47. 47. + Aluminium salt (amorphous aluminium hydroxyphosphate sulphate [AAHS]) HPV 16 VLPs HPV 18 VLPs HPV 6 VLPs HPV 11 VLPs Antigens Composition of Cervarix™ and Gardasil® + HPV 16 VLPs HPV 18 VLPs Antigens AS04 adjuvant AS04-containing vaccine AAHS-containing vaccine Adjuvant + Aluminium salt (Al(OH)3) MPL Immunostimulant Cervarix™ Gardasil®
  48. 48. Product characteristics – prophylactic HPV vaccines CervarixTM1 Gardasil®2 Antigen VLPs of HPV 16 & 18 VLPs of HPV 16, 18, 6 & 11 Adjuvant AS04 (Al(OH)3 + MPL) AAHS Expression system Baculovirus expression vector Yeast Administration 0, 1 & 6 months by intramuscular injection 0, 2 & 6 months by intramuscular injection 1. CervarixTM. European Summary of Product Characteristics, 2007; 2. Gardasil®. European Summary of Product Characteristics, 2008.
  49. 49. HPV VACCINE n  Sustained high efficacy for up to 7.5 years against HPV 16 and 18 incident and persistent infections, and CIN1+ and CIN2+ lesions n  Modelling studies predict that high antibody titres could be sustained for decades n  The actual duration of protection will only be established by long-term efficacy studies
  50. 50. Even with the vaccine pap smear should continue to be done…..
  51. 51. Jeddah Cervical Screening program JCSP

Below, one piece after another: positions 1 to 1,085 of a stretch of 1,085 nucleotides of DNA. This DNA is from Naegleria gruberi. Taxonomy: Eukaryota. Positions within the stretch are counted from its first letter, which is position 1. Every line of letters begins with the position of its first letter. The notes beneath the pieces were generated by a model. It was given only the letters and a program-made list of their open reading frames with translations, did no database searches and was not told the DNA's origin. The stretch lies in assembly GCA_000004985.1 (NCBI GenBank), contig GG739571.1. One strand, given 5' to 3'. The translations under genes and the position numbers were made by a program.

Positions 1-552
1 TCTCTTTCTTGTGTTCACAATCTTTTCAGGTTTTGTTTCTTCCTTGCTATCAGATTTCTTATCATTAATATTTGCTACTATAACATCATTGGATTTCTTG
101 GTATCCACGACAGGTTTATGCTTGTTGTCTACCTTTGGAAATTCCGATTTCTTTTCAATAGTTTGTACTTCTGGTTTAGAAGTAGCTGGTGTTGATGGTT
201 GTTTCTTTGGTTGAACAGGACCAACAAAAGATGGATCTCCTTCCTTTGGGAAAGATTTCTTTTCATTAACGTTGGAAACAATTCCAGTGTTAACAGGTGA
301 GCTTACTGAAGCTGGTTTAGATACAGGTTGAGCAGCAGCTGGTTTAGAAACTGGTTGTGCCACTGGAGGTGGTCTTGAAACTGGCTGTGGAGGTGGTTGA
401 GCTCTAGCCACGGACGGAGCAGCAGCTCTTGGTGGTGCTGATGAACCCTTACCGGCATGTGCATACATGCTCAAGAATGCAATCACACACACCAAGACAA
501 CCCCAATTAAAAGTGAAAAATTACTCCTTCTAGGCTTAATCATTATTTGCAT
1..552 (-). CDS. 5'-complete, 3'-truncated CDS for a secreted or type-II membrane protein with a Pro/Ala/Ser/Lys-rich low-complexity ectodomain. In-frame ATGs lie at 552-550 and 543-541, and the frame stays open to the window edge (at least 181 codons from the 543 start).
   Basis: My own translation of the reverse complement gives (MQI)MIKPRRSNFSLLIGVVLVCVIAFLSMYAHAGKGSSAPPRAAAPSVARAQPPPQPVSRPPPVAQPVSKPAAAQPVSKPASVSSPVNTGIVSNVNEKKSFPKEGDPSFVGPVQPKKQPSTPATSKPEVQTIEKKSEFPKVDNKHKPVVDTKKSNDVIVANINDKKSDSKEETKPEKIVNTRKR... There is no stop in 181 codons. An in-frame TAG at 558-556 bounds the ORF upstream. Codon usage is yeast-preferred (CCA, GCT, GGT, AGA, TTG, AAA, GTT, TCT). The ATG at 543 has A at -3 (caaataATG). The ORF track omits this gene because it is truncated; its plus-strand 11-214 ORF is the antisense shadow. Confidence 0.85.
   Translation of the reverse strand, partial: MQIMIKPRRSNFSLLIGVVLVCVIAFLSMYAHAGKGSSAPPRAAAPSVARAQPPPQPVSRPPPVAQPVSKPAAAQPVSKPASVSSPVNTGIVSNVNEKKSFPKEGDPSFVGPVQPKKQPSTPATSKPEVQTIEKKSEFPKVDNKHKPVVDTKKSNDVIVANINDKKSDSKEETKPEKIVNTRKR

52. 52. Suggested Screening Strategy n  Use the high sensitivity of HPV test initially n  Digene Hybrid capture 2 test is suitable n  Positive HPV test has reflex pap testing n  If both positive colposcopy is performed n  If HPV neg repeat screen in 5 years n  If HPV +ve and pap neg, repeat HPV and pap in 1 year
  53. 53. Jeddah Cervical Screening program n Who's legible for the program v  Women at or above 30 year and not more the 65 year old v  Married for 3 years.
  54. 54. Jeddah Cervical Screening program n  What are the unique about this program v  Free test . v  For Saudi and Non Saudi. v  Screening , diagnosis ( colposcopy) and treatment in one center v  Continuous follow up and recall and reminder v  Maintaining confidentiality v  Academic staff and comfortable environment v  Raise awareness and education on prevention methods v  Allow self registration online v  Kauh file is not required
  55. 55. Jeddah Cervical Screening program n  Objectives of the program v  Decrease the incidence of cervical cancer. v  Early detection of preinvasive cervical disease. v  Provide treatment and optimal management for patients with cervical cancer. v  Provide recall and reminder systems to ensure adequate follow-up of women with screen-detected abnormalities. v  Ensuring optimal quality of Pap smear reading through a quality assurance program for laboratories